LONDON (Reuters) - A lobbying scandal that has tarnished the reputation of Britain’s parliament widened on Sunday after a newspaper secretly filmed a senior lawmaker from Prime Minister David Cameron’s party making what is said were improper remarks.
A series of media sting operations has already thrust the issue into the limelight and forced one lawmaker, Patrick Mercer, to resign from the ruling Conservative Party.
Three members of Britain’s upper house of parliament have also been covertly filmed offering to ask parliamentary questions, lobby ministers and host events in exchange for cash.
In the latest covert recording, Tim Yeo, a former minister and the chairman of a powerful parliamentary energy committee, appeared to admit he had told a representative of a firm that is a subsidiary of a company he is paid to work for, what to say in front of his own committee.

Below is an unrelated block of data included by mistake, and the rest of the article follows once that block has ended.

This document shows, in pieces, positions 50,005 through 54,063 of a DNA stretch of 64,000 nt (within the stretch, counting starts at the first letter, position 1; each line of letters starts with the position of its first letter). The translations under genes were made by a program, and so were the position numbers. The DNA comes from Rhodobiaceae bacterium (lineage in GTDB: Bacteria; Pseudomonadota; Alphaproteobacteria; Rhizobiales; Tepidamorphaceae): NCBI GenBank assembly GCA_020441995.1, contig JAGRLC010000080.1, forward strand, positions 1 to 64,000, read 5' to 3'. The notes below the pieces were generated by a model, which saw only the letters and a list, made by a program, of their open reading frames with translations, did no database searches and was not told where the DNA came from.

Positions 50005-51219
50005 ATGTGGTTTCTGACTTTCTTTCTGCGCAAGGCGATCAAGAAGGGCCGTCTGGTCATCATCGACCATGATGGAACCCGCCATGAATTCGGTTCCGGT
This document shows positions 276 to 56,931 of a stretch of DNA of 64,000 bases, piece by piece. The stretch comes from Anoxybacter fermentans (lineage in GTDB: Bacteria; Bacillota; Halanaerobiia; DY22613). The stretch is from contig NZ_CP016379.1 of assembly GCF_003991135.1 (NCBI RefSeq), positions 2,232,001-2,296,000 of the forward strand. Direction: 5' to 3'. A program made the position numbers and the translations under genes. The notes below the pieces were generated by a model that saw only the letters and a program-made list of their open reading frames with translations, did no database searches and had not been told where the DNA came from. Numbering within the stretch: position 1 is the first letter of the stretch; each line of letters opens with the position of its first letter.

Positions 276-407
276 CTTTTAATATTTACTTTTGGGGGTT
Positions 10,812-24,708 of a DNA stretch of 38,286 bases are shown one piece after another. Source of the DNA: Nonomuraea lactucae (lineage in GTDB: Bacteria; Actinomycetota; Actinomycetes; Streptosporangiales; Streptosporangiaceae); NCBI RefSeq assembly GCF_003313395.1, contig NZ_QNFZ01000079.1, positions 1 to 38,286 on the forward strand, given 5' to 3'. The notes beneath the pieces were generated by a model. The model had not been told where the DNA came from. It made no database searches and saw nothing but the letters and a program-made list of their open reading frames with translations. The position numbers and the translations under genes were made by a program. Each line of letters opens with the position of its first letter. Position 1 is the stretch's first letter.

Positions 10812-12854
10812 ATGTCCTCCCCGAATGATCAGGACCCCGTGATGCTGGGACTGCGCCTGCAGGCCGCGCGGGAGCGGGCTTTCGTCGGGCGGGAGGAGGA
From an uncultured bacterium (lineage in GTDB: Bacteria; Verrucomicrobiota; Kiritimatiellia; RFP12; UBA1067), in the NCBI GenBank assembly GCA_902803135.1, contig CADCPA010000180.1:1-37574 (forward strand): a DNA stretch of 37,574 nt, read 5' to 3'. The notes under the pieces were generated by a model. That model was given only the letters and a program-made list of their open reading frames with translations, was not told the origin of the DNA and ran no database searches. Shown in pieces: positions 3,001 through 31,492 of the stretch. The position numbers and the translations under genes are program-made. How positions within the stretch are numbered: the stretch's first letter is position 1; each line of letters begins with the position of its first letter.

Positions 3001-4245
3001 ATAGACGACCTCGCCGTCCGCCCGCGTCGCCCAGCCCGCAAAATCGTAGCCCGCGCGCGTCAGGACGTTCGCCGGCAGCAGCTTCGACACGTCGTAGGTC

Such conduct does not break rules which forbid lawmakers from taking cash for questions, but the Sunday Times newspaper said it had also got Yeo on camera explaining “how he could secretly help push private business in parliament for cash”.
Yeo said he “totally rejected” all the allegations.
“The Sunday Times has chosen to quote very selectively from a recording obtained clandestinely during a conversation of nearly an hour-and-a-half in a restaurant with two undercover reporters, who purported to be representing a client from South Korea,” he said in a statement.
Shaken by such scandals, the coalition government has promised to bring forward tighter rules in the coming weeks to ensure lobbying is more transparent.
Lobbying has the potential to become an embarrassing issue for Cameron.
He said before the 2010 general election that it was “the next big scandal waiting to happen,” saying:
“It’s an issue that crosses party lines and has tainted our politics for too long, an issue that exposes the far-too-cozy relationship between politics, government, business and money.”
Reporting By Andrew Osborn; Editing by Andrew Heavens